Perl

Publisher’s information Comments
Advanced Perl Programming
by Sriram Srinivasan
August 1997
O’Reilly & Associates, Inc.
ISBN 1-56592-220-4

This book is dated, but it provides useful chapters on using references for building data records in memory. Most of the other material appears in amplified form in later O’Reilly books.

A completely new 2nd edition of this book was published in June, 2005. The second edition was written by Simon Cozens, and the subject matter is completely different.

The book’s chapters are:

  1. Data References and Anonymous Storage
  2. Implementing Complex Data Structures
  3. Typeglobs and Symbol Tables
  4. Subroutine References and Closures
  5. Eval
  6. Modules
  7. Object-Oriented Programming
  8. Object Orientation: The Next Few Steps
  9. Tie
  10. Persistence
  11. Implementing Object Persistence
  12. Networking with Sockets
  13. Networking: Implementing RPC
  14. User Interfaces with Tk
  15. GUI Example: Man Page Viewer
  16. Template-Driven Code Generation
  17. Extending Perl: A First Course
  18. Embedding Perl: The Easy Way
  19. Perl Internals
Advanced Perl Programming, 2nd Edition
by Simon Cozens
June 2005
O’Reilly Media, Inc.
ISBN 0-596-00456-7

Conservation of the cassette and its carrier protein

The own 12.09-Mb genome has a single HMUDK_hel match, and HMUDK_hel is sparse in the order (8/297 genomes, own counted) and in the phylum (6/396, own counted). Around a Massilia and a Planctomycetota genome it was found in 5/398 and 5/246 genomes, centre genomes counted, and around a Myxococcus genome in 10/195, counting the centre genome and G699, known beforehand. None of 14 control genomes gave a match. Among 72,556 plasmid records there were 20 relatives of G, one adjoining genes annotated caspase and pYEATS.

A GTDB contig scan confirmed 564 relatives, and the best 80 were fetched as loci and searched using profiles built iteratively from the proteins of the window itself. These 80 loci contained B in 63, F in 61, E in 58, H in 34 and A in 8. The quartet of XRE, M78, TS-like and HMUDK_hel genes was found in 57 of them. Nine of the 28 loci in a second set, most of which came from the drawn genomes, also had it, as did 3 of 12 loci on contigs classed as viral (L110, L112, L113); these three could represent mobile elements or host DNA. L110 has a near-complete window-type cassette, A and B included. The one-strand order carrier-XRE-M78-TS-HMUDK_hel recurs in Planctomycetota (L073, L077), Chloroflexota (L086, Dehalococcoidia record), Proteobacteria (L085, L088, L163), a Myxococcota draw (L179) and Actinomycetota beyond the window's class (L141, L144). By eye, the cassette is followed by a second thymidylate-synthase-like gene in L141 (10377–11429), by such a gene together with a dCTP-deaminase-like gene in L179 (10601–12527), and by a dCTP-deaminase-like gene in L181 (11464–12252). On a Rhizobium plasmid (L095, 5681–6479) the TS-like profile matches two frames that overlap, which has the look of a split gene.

This book covers advanced Perl techniques in detail. It is appropriate for someone who has several years’ experience with Perl and is creating production-quality software.

The book’s chapters are:

  1. Advanced Techniques
  2. Parsing Techniques
  3. Templating Tools
  4. Objects, Databases, and Applications
  5. Natural Language Tools
  6. Perl and Unicode
  7. POE
  8. Testing
  9. Inline Extensions
  10. Fun with Perl
CGI Programming with Perl
2nd edition
by Shishir Gundavaram, Scott Guelich, and Gunther Birznieks
July 2000
O’Reilly & Associates, Inc.
ISBN 1-56592-419-3

This book is essential for anyone using Perl for CGI programming.

Intermediate Perl
by Randal L. Schwartz, brian d foy, and Tom Phoenix
March 2006
ISBN 0-596-10206-2
OReilly Media, Inc.

Intermediate Perl is the new edition of what was formerly named Learning Perl Objects, References, and Modules, by Randal L. Schwartz.

The price (US $40) is high for a book that has only 256 pages. The cover proclaims “Foreword by Damian Conway”, but the Foreword was written in May, 2003, is only a page long, and doesn't add anything useful.

Many of the examples in the book refer culturally to the television series Gilligan’s Island. Baby Boomers, unfortunately, will have no problem with references to the Minnow, the Professor, and coconuts, but I wonder if younger readers have the background. Couldn’t the authors come up with something a little more 21st century?

The book’s chapters are:

  1. Introduction
  2. Intermediate Foundations
  3. Using Modules
  4. Introduction to References
  5. References and Scoping
  6. Manipulating Complex Data Structures
  7. Subroutine References
  8. Filehandle References
  9. Practical Reference Tricks
  10. Building Larger Programs
  11. Introduction to Objects
  12. Objects with Data
  13. Object Destruction
  14. Some Advanced Object Topics
  15. Exporter
  16. Writing a Distribution